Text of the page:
Until the Dark Takes Us: Death Becomes Her, A Century of Mourning Attire
A look at the Metropolitan Museum of Art's exhibit of style in sorrow.
“Becomes the fiddlestick. What do I care whether it becomes me or not? I don’t wear black because it becomes me…I wear mourning because it corresponds with my feelings.”—teenager Nannie Haskins, upon being told that the mourning attire she wore for her brother was “becoming” (1863)
“I wear black on the outside / ’Cause black is how I feel on the inside.”— The Smiths, “Unloveable” (1986)
There are certain topical art exhibitions that can feel more like a tourist attraction (cough, recreationofCBGBsbathroom, cough), and less like an informative, creative, visually stimulating summation of an era.
But others hit the coffin nail on the head.
The first fall exhibit the Metropolitan Museum of Art’s Anna Wintour Costume Center (formerly Institute) has hosted in seven years, the cheekily titled Death Becomes Her focuses on mourning attire and practices from 1815–1915. Color me morbidly excited because, as Moz says, “If I seem a little strange, that’s because I am.”
But in my defense, fascination with death is nothing new. Nor is the exploitation of death: as Death Becomes Her informs me, mourning was about more than feelings. Even in the 1800s, stores like Jay’s of London and James McCreery & Co. capitalized on mourning attire. Look!: Fashion and death can co-exist! they proclaimed. Indeed, from the five stages of mourning and the appropriate dress for each one, to the classism of fabrics (a black that didn’t fade signaled high class), the business of death was both monarchial and capitalistic. See Queen Alexandra’s ostentatious evening mourning gowns, worn while the masses sported dull silk.
Despite this, mourning attire was a way for the bereaved to cope with and express their grief. The Victorian hair art (where a lock of your loved one’s hair was preserved forever in a broach, ring, or frame) on display is downright ritualistic verging on fetishistic, as are the mourning portraits—including one draped in a black cloth. If you lift it, you can view the image of a child who looks blissfully asleep.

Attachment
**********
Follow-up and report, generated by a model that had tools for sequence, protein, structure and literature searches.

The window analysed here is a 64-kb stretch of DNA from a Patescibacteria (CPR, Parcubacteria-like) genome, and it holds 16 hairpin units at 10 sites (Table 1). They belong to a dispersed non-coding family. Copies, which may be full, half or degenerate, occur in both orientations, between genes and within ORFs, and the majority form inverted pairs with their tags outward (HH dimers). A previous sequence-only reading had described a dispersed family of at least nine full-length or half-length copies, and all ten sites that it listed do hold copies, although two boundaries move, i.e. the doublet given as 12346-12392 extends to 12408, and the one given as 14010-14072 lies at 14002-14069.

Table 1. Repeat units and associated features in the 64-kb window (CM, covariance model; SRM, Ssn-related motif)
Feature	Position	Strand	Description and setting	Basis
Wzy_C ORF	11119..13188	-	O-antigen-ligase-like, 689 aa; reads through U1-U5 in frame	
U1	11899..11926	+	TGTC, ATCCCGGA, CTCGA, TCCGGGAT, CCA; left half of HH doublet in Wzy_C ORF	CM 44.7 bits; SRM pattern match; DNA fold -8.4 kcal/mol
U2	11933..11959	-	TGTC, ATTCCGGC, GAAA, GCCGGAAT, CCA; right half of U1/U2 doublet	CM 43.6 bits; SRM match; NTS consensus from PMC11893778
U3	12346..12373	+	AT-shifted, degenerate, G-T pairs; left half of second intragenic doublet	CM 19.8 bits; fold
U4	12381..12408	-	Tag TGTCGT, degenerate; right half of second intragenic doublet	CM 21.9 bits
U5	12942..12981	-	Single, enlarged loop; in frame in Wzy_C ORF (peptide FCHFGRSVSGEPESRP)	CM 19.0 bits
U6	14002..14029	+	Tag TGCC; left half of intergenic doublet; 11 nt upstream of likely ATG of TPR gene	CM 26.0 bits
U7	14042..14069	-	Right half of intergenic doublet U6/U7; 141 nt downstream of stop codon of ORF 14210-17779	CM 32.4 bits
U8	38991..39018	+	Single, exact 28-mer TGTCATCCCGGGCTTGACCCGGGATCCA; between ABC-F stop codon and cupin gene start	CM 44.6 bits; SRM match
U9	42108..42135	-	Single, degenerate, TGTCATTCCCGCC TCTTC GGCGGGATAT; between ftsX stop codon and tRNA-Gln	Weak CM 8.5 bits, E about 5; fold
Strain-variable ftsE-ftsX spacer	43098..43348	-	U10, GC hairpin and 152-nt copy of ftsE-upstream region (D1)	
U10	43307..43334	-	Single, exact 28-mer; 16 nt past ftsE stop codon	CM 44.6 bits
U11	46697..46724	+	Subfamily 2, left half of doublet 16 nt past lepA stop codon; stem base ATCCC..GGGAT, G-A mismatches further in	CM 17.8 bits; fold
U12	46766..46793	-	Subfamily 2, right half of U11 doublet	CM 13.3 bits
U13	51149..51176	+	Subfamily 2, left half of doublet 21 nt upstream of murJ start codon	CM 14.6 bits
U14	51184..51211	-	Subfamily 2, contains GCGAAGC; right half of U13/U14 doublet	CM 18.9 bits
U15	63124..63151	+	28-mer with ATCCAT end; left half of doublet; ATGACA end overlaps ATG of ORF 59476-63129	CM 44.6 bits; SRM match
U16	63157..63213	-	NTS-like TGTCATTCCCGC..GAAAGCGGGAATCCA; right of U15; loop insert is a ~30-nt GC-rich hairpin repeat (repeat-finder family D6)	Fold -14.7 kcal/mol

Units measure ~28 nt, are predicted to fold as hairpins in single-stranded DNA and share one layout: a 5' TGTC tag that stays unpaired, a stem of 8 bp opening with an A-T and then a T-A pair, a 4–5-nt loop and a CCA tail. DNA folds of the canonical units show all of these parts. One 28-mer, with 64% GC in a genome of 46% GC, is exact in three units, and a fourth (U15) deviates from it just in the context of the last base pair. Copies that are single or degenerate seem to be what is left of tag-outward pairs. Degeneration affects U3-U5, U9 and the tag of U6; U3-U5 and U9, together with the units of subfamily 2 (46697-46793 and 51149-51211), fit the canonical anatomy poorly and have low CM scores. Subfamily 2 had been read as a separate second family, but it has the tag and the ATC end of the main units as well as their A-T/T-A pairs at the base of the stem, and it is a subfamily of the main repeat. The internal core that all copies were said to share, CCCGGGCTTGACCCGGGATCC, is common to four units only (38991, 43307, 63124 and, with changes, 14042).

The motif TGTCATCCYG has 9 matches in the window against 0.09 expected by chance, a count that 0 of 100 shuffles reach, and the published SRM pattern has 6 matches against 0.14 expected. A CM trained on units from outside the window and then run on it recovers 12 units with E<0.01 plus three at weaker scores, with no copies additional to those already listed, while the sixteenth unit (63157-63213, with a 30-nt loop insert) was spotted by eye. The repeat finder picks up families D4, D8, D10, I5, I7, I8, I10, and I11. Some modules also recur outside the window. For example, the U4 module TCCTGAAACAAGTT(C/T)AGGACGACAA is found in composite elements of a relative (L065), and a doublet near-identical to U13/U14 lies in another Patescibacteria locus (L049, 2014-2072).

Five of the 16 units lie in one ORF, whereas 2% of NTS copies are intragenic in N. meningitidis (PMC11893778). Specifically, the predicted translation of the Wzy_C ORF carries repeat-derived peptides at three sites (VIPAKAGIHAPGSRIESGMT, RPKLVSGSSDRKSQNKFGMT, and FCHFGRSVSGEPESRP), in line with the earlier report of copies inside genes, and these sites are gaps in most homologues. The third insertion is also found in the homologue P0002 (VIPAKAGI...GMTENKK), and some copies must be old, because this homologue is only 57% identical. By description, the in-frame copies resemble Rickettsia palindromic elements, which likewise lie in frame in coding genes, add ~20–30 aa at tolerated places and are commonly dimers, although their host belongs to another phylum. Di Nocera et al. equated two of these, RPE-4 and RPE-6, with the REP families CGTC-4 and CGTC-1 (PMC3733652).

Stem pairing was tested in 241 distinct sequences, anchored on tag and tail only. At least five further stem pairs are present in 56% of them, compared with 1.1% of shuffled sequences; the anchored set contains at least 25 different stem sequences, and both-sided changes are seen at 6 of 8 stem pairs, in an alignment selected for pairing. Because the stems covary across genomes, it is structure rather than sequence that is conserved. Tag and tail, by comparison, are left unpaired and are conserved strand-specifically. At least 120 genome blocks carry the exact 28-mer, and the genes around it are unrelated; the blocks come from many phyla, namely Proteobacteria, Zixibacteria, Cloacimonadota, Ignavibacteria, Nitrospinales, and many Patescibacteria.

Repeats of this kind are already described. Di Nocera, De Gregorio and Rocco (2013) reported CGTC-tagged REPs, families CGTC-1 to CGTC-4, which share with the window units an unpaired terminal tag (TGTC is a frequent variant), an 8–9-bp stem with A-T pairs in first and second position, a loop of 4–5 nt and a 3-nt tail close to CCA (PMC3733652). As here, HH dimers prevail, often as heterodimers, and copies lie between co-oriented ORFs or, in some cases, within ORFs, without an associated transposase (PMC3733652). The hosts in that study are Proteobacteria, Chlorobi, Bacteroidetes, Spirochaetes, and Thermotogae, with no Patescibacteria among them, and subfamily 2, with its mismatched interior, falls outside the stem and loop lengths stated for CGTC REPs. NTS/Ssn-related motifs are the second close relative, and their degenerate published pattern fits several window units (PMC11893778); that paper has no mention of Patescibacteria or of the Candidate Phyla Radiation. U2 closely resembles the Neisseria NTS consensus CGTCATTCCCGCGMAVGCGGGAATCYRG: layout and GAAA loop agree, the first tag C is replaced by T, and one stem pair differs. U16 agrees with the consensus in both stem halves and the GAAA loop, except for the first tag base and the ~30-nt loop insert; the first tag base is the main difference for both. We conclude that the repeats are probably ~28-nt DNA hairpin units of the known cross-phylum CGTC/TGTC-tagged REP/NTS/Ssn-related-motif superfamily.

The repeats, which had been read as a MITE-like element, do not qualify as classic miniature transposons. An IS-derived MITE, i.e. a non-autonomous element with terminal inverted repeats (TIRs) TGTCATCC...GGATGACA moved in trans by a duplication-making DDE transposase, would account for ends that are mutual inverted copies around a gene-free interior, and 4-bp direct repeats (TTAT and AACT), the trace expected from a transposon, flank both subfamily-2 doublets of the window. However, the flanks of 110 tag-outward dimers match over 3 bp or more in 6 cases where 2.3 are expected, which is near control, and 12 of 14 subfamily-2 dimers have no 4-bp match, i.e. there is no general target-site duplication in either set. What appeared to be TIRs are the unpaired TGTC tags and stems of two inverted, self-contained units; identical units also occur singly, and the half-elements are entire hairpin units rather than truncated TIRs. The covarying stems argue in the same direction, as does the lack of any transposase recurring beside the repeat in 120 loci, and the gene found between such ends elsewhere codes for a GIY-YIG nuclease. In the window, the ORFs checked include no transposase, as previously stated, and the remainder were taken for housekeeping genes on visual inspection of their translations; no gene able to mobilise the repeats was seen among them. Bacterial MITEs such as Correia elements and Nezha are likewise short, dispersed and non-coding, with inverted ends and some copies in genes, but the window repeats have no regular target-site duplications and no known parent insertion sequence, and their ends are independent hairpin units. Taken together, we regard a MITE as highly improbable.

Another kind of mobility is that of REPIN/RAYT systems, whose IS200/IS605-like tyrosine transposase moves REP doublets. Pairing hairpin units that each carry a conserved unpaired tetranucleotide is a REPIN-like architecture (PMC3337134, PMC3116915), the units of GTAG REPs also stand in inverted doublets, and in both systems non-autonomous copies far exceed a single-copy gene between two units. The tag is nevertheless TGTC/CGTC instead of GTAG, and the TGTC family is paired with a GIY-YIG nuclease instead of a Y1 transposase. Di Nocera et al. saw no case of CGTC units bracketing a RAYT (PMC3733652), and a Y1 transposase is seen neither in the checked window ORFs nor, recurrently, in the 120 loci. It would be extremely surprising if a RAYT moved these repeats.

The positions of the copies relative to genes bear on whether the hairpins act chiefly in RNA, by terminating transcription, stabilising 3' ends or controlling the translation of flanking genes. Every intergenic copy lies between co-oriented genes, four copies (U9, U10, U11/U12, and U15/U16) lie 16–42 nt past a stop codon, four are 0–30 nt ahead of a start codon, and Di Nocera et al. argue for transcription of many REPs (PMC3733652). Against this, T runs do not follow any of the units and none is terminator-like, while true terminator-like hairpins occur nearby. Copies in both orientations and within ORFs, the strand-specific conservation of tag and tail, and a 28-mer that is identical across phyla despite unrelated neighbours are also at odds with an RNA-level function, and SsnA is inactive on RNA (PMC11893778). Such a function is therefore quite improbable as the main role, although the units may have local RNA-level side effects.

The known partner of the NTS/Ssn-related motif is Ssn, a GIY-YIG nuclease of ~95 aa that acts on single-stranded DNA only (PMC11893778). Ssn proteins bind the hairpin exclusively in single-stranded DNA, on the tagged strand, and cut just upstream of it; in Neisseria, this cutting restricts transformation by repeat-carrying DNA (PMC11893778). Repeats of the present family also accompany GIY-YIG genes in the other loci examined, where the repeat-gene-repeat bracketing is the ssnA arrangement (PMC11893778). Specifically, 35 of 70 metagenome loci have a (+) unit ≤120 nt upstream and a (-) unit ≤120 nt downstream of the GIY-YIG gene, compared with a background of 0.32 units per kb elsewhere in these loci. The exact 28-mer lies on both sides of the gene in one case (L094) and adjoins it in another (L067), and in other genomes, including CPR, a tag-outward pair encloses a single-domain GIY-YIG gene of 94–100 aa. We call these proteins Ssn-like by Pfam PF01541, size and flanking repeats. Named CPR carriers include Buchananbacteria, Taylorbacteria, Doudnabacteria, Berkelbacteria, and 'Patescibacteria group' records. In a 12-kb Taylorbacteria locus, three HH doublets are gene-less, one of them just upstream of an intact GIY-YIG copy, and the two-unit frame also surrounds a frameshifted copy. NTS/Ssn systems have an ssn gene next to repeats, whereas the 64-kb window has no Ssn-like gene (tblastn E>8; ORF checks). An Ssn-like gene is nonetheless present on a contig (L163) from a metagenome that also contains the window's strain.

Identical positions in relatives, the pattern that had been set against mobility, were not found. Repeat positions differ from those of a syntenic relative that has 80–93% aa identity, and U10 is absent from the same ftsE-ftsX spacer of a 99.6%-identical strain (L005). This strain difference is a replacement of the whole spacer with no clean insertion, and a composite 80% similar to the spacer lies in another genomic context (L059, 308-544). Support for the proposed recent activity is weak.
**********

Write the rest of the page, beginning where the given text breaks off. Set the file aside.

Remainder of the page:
But wait, what about the beautiful dresses of the era, the main focus of the exhibit? Well, take a look at the pretty pictures here or visit the Met; you really don’t need me expounding on the cut or the fit or the fabric (even though the moiré silk was, um, to die for). While ostensibly about fashion, Death Becomes Her is more about the nature of death itself and how society copes. In the modern age of social media, pandemics, and war, talk of death is oddly whitewashed or avoided altogether. Mourning is a private affair. You’re expected to go out into the world and say, “Hey, thanks, but I’m good now.” Whereas in the Victorian era, whilst dressed in black everyone knew that, like both Nannie Haskins and Moz, it was how you felt on the inside.
Not always, though. The main gallery also features quotes on the walls from notables of the time, like this one from Julia Ward Howe: My mourning has been quite an inconvenience to me, this summer. I had just spent all the money I could afford for my summer clothes, and was forced to spend $30 more for black dresses. The black clothes, however, seem to me very idle things, and I shall leave word in my will that no one shall wear them for me.
Adding more wry humor to the exhibit, a series of Charles Dana Gibson illustrations from Life magazine circa 1900, are entitled “A Widow and Her Friends”—“friends” referring to those of the male persuasion. Even the title of the exhibit gives us a wink and a nod: not only does the Victorian woman become a facsimile of death when mourning, but she looks damn good doing it, too.
Really, it’s all very Lydia Deetz: death can be tragic, and death can be humorous. So gather up your ghosts, don your crepe, and don’t forget to grab a souvenir postcard on the way out. FL
Death Becomes Her: A Century of Mourning Attire is on exhibit through February 1, 2015 at the Metropolitan Museum of Art’s Anna Wintour Costume Center.